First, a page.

A pro-Israel summit in Erbil breaks new ground

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On September 24, a remarkable event took place in Iraq. In the city of Erbil, in the north of the country, 312 Iraqis gathered – mainly Sunnis but also Shiites, towns and villages from all over the country – to ask their country to enter into relations with Israel and its people through the Abrahamic accords, and they did. while risking the wrath of Iran and its military proxies.

The participants were religious leaders, young demonstrators and university professors. One of the conference leaders was Sunni Sheikh Wisam al-Hardan. Its Sahwa (Awakening) movement is made up of members of Sunni tribes who, with the support of American forces, confronted Islamic states and al-Qaeda on the battlefield. This is the story the Sheikh referred to when he said at the conference: “We have demonstrated over the years with blood and tears that we oppose extremists of all kinds, that they are act of Sunni “jihadists” or Shiite militias supported by Iran.

“We have also demonstrated our patriotism,” continued Hardan. “We sacrificed lives for the sake of a united Iraq and our common aspiration to achieve a system of federal government as stipulated in our nation’s constitution. He now seeks to promote an Iraq that builds coexistence at the national and regional level. For conference attendees, this requires reaching out to Israelis whose families are from Iraq.

On September 24, a remarkable event took place in Iraq. In the city of Erbil, in the north of the country, 312 Iraqis gathered – mainly Sunnis but also Shiites, towns and villages from all over the country – to ask their country to enter into relations with Israel and its people through the Abrahamic accords, and they did. while risking the wrath of Iran and its military proxies.

The participants were religious leaders, young demonstrators and university professors. One of the conference leaders was Sunni Sheikh Wisam al-Hardan. Its Sahwa (Awakening) movement is made up of members of Sunni tribes who, with the support of American forces, confronted Islamic states and al-Qaeda on the battlefield. This is the story the Sheikh referred to when he said at the conference: “We have demonstrated over the years with blood and tears that we oppose extremists of all kinds, that we act of Sunni “jihadists” or Shiite militias supported by Iran.

“We have also demonstrated our patriotism,” continued Hardan. “We sacrificed lives for the sake of a united Iraq and our common aspiration to achieve a system of federal government as stipulated in our nation’s constitution. He now seeks to promote an Iraq that builds coexistence at the national and regional level. For conference attendees, this requires reaching out to Israelis whose families are from Iraq.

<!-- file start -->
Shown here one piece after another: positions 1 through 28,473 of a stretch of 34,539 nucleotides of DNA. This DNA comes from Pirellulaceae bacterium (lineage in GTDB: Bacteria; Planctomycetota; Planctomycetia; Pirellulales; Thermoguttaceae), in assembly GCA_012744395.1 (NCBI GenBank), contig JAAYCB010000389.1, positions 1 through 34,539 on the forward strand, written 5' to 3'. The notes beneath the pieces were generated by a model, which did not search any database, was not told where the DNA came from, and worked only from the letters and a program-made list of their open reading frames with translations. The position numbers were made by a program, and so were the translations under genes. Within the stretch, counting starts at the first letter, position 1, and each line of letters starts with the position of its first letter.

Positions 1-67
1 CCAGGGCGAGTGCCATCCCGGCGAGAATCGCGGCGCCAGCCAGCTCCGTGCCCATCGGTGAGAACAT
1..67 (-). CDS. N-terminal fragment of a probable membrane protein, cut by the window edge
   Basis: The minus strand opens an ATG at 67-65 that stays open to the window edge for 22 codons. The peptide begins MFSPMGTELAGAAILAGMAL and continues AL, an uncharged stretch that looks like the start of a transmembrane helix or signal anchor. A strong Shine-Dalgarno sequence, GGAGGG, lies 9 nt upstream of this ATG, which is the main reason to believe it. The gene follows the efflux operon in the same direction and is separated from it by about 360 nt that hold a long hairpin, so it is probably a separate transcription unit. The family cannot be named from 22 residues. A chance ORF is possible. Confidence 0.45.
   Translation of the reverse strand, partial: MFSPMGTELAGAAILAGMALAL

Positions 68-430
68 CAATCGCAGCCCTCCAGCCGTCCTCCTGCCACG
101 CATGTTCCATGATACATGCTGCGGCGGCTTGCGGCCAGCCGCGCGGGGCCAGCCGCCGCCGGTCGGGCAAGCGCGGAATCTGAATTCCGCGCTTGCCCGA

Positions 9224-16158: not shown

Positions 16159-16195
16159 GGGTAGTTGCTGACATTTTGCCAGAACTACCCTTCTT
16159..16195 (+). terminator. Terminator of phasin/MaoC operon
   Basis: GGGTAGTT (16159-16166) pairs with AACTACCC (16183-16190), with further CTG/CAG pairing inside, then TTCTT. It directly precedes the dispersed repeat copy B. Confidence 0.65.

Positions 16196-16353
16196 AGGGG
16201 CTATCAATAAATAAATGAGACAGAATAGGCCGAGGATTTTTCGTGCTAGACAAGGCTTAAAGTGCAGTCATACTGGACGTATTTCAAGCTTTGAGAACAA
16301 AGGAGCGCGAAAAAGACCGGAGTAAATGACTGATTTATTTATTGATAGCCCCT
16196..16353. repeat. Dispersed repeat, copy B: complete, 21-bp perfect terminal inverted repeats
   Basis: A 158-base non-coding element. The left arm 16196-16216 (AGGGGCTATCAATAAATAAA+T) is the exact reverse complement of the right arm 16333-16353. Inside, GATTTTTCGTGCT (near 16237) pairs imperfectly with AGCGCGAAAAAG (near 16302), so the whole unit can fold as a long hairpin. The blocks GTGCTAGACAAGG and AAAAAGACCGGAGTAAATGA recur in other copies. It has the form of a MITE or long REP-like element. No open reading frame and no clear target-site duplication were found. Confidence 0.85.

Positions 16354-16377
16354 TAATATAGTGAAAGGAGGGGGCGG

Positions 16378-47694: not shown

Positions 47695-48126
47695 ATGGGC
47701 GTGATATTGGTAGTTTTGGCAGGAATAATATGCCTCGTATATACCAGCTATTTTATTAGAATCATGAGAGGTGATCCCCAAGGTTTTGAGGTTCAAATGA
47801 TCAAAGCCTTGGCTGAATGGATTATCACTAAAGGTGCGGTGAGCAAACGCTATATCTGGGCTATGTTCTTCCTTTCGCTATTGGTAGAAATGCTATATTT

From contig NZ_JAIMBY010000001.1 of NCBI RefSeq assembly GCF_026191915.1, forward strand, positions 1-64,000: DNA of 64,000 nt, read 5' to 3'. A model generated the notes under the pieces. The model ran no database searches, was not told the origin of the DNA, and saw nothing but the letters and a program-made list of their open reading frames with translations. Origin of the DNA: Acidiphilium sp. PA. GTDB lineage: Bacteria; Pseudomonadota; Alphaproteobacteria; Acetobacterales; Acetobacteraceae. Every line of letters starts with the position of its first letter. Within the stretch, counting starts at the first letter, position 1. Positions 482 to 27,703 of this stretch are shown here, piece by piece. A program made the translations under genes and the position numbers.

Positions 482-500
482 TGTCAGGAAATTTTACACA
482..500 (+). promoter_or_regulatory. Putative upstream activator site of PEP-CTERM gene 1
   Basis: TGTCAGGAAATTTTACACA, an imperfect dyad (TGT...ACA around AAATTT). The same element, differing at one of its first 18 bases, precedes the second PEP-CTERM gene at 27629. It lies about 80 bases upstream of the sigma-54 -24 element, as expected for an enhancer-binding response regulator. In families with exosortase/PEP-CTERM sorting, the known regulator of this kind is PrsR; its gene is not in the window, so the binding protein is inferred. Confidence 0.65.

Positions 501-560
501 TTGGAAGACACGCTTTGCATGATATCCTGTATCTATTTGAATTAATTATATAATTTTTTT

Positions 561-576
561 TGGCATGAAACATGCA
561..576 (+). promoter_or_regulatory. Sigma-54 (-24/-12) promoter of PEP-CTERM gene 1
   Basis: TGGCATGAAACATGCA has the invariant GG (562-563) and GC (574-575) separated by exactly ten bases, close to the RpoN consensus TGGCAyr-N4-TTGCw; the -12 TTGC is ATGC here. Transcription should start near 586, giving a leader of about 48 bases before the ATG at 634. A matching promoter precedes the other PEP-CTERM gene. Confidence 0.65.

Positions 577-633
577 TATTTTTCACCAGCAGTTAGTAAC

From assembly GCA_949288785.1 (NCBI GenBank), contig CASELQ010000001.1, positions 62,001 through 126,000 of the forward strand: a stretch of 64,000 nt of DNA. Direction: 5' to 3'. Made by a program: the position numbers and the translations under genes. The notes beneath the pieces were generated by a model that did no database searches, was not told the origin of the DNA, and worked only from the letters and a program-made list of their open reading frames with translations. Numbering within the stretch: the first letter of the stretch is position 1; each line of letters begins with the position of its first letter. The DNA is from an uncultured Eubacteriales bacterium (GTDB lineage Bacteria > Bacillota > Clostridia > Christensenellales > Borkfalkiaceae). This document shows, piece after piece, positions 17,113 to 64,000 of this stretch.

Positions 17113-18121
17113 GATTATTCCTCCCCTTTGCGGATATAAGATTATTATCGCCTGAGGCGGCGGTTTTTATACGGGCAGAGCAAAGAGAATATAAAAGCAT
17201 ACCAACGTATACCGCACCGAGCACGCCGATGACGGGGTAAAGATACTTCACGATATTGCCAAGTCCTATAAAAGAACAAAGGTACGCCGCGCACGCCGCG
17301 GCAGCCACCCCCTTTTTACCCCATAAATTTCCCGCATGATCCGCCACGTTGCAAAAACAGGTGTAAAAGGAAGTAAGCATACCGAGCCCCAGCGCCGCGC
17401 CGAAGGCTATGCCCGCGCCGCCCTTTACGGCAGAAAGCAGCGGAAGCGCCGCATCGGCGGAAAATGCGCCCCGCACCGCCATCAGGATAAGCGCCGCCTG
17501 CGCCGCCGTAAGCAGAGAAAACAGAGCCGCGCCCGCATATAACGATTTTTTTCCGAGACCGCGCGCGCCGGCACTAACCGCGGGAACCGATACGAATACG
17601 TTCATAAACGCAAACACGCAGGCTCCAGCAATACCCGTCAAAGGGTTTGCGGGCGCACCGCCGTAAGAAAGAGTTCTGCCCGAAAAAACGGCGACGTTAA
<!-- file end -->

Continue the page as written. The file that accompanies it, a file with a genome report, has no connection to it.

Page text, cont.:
On the eve of World War II, Jews made up about a third of Baghdad’s population and were leaders in science, finance, and culture. Reconnecting with the Jews who were forced to leave Iraq at the time of Israel’s founding, Hardan, Major General Amer al-Juburi (a prominent member of the Shiite wing of the Juburi clan), the head of culture Sahar Karim al-Tai, and the other participants proclaimed their hope, as Tai said in his speech, to “lay the cornerstone of the future of a new Iraq, a country where people of all sects, denominations and beliefs will benefit from the benefits of justice and equality ”. They see the peace and the Abrahamic Agreements – the stated policy of the Biden administration in the United States – as creating a way for the future they want to build.

Conference attendees are now subject to backlash, ranging from Hardan’s suspension from the Awakening movement to more direct threats from Iran-backed Shiite militias. These militias are demanding hard actions against the “American Zionist dens” and the “traitorous” participants in Erbil. Politicians who don’t want to be on the wrong side of Iranians are support arrests. The Iranians and their proxies produce forced retractions in which some of the participants are forced to admit their alleged mistakes.

As important as it was for the conference participants to make a declaration on peace with Israel, they also advanced the cause of free speech for all Iraqis. They accept that others do not agree with them, but for Iraq to progress, diverse opinions must be able to be expressed. Calls for the arrest of participants are a chilling reminder of the limits of expression in Iraq – again, a sign of the influence Iran continues to wield, but also an indication that Iran fears the message from Erbil’s lecture. Nothing could be more threatening to anything Iran seeks in Iraq and the region than the expansion of peace, especially if it comes from below.